A simple application of the Pareto Principle suggests that 20% of the world population controls 80% of global assets, wealth, or resources. Certainly the report entitled “Wealth, Income, and Power” by sociologist G. William Domhoff supports this notion as does the United Nations 2005 Report on the World Social Situation: The Inequality Predicament. The following graphic conveys this notion:
The 80% that have access to only 20% of the resources make choices about their survival and sustainability within a different economic system than those in the top 20% of the socio-economic pyramid. The diagram below offers further definition of these two economic systems. The 80% participate in a “needs economy” that focuses on delivering the essentials of a life: food, water, air, energy, fuel, housing, clothing, safety, security, health, and education.
Because a needs economy strives to meet the basic requirements for quality of life among people in a given area, it is deemed a local economy in that the participants have extensive social relationships among family, friends, and community members. It is the strength and scope of this social fabric that provides the platform for self-sufficiency and sustainability of the body politic and keeps the door open for a wide range of choices.
In contrast, 80% of the world’s assets are marshaled into the design, production, and delivery of products and services that attempt to satisfy an insatiable demand for everything and anything. A “wants economy” is a most apropos label. And because no place on earth is exempt from the compelling effects of its all-consuming nature, it is truly a global economy.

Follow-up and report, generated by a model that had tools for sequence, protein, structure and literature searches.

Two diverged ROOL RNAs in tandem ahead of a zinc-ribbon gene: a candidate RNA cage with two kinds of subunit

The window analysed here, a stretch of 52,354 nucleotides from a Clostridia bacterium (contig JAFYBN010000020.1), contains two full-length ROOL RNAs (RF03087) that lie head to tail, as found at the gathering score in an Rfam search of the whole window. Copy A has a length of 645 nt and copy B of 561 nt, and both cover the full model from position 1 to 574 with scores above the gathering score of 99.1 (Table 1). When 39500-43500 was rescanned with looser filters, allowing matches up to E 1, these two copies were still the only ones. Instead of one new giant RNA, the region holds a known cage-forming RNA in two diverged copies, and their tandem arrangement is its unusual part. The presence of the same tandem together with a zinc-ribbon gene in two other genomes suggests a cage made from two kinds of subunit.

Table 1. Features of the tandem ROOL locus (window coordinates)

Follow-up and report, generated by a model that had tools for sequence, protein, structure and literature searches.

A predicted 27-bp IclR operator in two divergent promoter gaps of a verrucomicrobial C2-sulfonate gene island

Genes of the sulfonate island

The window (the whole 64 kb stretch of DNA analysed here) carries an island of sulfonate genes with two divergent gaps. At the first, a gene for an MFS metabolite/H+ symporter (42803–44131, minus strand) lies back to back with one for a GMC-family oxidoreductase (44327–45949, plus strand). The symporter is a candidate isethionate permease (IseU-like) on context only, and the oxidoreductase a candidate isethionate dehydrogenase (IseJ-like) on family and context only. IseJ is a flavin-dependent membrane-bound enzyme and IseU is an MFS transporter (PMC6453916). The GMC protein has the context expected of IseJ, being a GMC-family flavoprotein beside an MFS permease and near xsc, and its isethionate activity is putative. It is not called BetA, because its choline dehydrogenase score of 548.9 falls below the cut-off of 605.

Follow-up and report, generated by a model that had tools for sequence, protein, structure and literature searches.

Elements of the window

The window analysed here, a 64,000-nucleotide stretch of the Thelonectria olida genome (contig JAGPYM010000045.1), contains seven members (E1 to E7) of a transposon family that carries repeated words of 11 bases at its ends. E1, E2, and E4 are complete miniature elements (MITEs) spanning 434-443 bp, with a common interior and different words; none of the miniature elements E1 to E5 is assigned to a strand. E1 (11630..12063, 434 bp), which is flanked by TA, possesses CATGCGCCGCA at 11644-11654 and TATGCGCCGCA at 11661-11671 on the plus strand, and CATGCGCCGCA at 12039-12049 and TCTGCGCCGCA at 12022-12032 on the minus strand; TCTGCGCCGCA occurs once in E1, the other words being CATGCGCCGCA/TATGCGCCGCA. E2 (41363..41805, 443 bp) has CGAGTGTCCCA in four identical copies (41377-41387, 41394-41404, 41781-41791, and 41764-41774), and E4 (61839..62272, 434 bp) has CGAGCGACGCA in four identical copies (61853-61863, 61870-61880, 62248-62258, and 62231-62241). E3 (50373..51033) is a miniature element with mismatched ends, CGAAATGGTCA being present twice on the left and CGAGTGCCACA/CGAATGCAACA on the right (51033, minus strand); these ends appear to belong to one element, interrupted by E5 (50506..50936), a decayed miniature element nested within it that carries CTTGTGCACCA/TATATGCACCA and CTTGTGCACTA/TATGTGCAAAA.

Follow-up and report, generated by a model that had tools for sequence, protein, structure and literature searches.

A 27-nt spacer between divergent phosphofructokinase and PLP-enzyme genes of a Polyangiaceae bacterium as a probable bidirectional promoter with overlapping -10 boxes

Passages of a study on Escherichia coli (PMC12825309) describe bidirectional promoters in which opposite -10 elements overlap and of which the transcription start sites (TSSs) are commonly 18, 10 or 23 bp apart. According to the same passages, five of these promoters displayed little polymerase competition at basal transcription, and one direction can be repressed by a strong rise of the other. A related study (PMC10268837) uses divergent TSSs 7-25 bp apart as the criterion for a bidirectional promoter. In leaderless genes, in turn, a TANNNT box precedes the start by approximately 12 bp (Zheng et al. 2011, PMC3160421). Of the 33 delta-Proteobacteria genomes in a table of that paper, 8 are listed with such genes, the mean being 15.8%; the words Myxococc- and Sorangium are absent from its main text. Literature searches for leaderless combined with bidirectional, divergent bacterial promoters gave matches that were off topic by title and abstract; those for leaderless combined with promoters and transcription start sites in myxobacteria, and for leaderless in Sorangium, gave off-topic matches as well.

Choices in a wants economy are limited by the means available to act on those alternatives. The lack of self-sufficiency and sustainability garnered from a global or wants economy requires a heavy political investment—a constant feeding of the bureaucracy—to exercise a level of diplomacy sufficient to assure an uninterrupted supply of essentials. At times, the burden imposed upon society to maintain such a complex and bloated political system becomes too much and a sorely-needed adjustment ensues. But such decline and renewal is inevitable in the cycle of life.
Despite these changes, the basic social units that give our humanity expression—family, friends, and community members—persist. They are the foundation upon which civilization is rebuilt and rejuvenated. In effect, these relationships constitute a vibrant local economy, which becomes the bedrock of survival, sustainability, and quality of life. So at the bottom of the pyramid, it’s looking up!
Originally posted to Open for Consideration on Tumblr by Steve Bosserman on August 19, 2010